Cody on Roulette Gamble: "Thought it Would Be a Good Story"
Many like to portray the modern professional poker player as a game theory optimal robot, a machine without feelings running entirely on a continuously number-crunching calculator.
They don't tilt. They don't punt off chips. And most of all, they don't dust off their money in the pits on negative expected-value gambling games.
That's why, when Jake Cody put about $60,000 in poker tournament winnings on the line at roulette after chopping the partypoker UK Championships £2,200 High Roller, it felt like something of a throwback. Something that might have happened in the poker days of yore and then gone down in gambling legend, like when characters such as Archie Karas and Stu Ungar ran up monster bankrolls with reckless abandon.
To hear the PokerStars Team Pro tell it though, the crazy gamble was out of character.
"It was kind of a one-off," he confessed in an interview with PokerNews. "People that know me, know I play a bit of table games – blackjack, a bit of craps – but I'm not some wild gambler. In general, I want to gamble with an edge. I want to play poker, have some sportsbetting friends I'll follow if I think there's a good bet with an edge."
A Suggestion Becomes Reality
Instead, the smallest of comments got things started, like a snowball rolling down a mountain in an old cartoon and gathering more and more momentum until it becomes an avalanche. Someone mentioned it in a group of Cody's buddies and the pro laughed, agreeing it would be funny to do.
Somehow, that turned into another person bringing it up to Cody later, saying he had heard Cody was going to put all of his tournament winnings on black. Cody told the person he was mistaken, but when another person mentioned it to him, Cody finally said if he won the tournament, he would indeed put it on black.
Soon, Cody found himself four-handed. In short order, a deal was struck and Cody wound up the winner. Strengthened by a bit of liquid courage, he knew what he had to do.
"I said, 'OK, I guess I'm not backing down now,'" Cody remembers.
News of Cody's impending gamble reached casino proprietor Rob Yong. He arrived for the big sweat and Cody did what he promised. He bet all of his winnings on black at roulette. With a crowd gathered around and cell phone cameras trained on the wheel, the ball spun as Yong and Cody laughed and shook hands.
When the wheel slowed, the ball tumbled into the pit, took one bounce, and landed squarely on a patch of black as the crowd erupted in cheers.
"It was insane," Cody said. "It just landed on black perfectly, too. It just stopped dead, it looked a little bit rigged actually."
Yong took it in good enough spirits, according to Cody. And while one might expect the aftermath of such a crazy event to involve more drinking and partying, that apparently wasn't the case.
"It was Sunday night in Nottingham and it was quite late at that point already," Cody said. "There wasn't that much to do, there wasn't many places to go. We decided to save it and celebrate at the Irish Open in Dublin this weekend."
While Cody may have decided to retire for a well-deserved bout of sleep, the tale and tape of what happened was busy spreading across the internet.
The next morning, the British pro woke up to an explosion of digital love from people all across the world who had seen the now-viral video. Every conceivable avenue of communication had been flooded with dozens, if not hundreds of messages.
Numerous websites had run with the story. Newspapers were asking Cody for interviews. Random people were asking him for money.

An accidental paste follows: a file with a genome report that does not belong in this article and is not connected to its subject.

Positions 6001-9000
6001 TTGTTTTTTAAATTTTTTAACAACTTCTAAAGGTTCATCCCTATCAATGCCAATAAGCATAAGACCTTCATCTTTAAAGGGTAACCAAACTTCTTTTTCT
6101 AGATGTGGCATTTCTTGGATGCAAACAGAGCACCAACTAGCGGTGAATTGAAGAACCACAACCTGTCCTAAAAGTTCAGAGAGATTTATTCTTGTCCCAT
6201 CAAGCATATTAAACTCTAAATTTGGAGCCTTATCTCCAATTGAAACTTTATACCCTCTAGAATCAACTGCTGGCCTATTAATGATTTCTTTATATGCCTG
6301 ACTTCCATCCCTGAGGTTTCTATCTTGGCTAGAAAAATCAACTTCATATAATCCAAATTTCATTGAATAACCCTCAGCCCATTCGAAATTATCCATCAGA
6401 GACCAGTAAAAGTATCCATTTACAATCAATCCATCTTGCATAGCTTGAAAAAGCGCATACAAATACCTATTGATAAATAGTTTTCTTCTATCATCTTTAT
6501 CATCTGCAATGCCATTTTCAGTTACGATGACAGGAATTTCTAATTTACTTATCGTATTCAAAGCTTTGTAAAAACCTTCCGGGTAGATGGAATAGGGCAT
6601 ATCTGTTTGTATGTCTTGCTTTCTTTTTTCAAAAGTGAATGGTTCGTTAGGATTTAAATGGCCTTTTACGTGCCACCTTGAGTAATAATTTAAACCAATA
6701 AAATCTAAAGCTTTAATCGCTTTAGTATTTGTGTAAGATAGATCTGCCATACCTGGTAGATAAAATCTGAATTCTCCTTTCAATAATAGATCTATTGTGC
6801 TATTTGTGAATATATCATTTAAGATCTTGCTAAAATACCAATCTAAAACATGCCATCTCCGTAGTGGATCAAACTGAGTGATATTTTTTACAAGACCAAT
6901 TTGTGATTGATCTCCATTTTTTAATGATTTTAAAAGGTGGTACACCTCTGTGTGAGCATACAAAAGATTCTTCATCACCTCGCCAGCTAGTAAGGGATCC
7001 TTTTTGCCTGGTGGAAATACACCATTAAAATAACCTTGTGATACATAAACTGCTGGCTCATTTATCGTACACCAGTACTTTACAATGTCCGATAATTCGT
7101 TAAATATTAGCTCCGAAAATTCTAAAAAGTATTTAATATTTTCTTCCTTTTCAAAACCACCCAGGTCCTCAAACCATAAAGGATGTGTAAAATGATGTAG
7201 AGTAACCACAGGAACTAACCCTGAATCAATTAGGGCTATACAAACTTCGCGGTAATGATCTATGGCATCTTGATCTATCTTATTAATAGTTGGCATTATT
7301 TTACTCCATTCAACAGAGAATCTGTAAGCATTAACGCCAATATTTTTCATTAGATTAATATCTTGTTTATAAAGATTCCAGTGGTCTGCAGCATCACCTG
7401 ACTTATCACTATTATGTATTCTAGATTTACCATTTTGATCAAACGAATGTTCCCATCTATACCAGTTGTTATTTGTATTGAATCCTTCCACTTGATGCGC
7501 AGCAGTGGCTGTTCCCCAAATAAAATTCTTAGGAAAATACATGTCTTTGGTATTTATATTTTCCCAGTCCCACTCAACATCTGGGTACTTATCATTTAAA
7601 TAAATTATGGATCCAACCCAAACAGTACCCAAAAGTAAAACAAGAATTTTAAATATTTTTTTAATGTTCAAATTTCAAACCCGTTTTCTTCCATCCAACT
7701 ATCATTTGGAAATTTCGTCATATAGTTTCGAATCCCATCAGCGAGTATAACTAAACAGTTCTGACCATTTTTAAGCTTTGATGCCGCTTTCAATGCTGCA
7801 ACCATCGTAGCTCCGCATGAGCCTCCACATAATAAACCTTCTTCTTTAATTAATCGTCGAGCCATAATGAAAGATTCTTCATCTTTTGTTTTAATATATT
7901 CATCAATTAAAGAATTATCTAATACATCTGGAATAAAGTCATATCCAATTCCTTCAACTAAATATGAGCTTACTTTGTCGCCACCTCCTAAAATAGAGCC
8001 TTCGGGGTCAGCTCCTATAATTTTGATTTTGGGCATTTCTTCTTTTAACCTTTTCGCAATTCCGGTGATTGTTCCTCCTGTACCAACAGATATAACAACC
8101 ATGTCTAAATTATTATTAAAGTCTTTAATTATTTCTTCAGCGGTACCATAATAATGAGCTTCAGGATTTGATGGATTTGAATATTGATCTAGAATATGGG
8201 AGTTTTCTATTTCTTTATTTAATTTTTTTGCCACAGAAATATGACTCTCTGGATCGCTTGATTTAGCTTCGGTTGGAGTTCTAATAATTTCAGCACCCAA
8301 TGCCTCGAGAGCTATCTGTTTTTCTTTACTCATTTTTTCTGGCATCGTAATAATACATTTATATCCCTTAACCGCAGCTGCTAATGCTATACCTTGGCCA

Mostly, people just told him he was nuts.
"It was completely absurd," he said. "I couldn't believe how big it got, it was crazy."
Traditionally, every spin on the roulette wheel results in some small percent of the bet going to the house, in terms of expectation. However, Cody thinks he might have performed one of the first roulette spins with a positive expectation, considering how much media exposure he received.
"The fact I won and it gained so much social media attention too, it honestly couldn't have worked out too much better," he said.
Of course, things could have very easily gone the other way.
"Don't get me wrong, I was prepared to lose but I would have been pretty damn annoyed the next day after I put all that work in the tournament, ran good," Cody said. "I had a lot of deep runs last year and lost a lot of flips but this tournament everything went well. I would have felt pretty moronic if I lost, but I decided to take the risk and go for it."
For the Story
While gambling big on roulette might be out of character for Cody, in another sense, the big roulette spin actually fits him perfectly. That's because he treats his life sort of like a book, a story written as he goes for someone else to come along and read later.
And Cody doesn't want to leave a boring book.
"I mainly did it for the story to be honest," he said. "It sounds kind of silly but I base a lot of my life decisions based on how good of a story it would be. I thought it would be a good story.
"It might sound ridiculous too but I genuinely didn't even contemplate that I was going to lose. I was just completely convinced I was going to win."
Everything worked out, and now Cody heads to his pre-summer schedule of partypoker Millions Barcelona and European Poker Tour Monte Carlo with a boosted bankroll and newfound celebrity. If any other big scores prove to be in his near future, though, don't expect that money to end up on the wheel.
"I probably won't do it again, to be honest," he said.
Just in case you still haven't seen the viral video of Cody's spin, here it is:
Have you ever wanted to write your own articles about poker? Maybe you've got some experiences or opinions about poker that you'd like to share. PokerNews is proud to launch The PN Blog where you can have a platform to make your voice heard. Learn more here.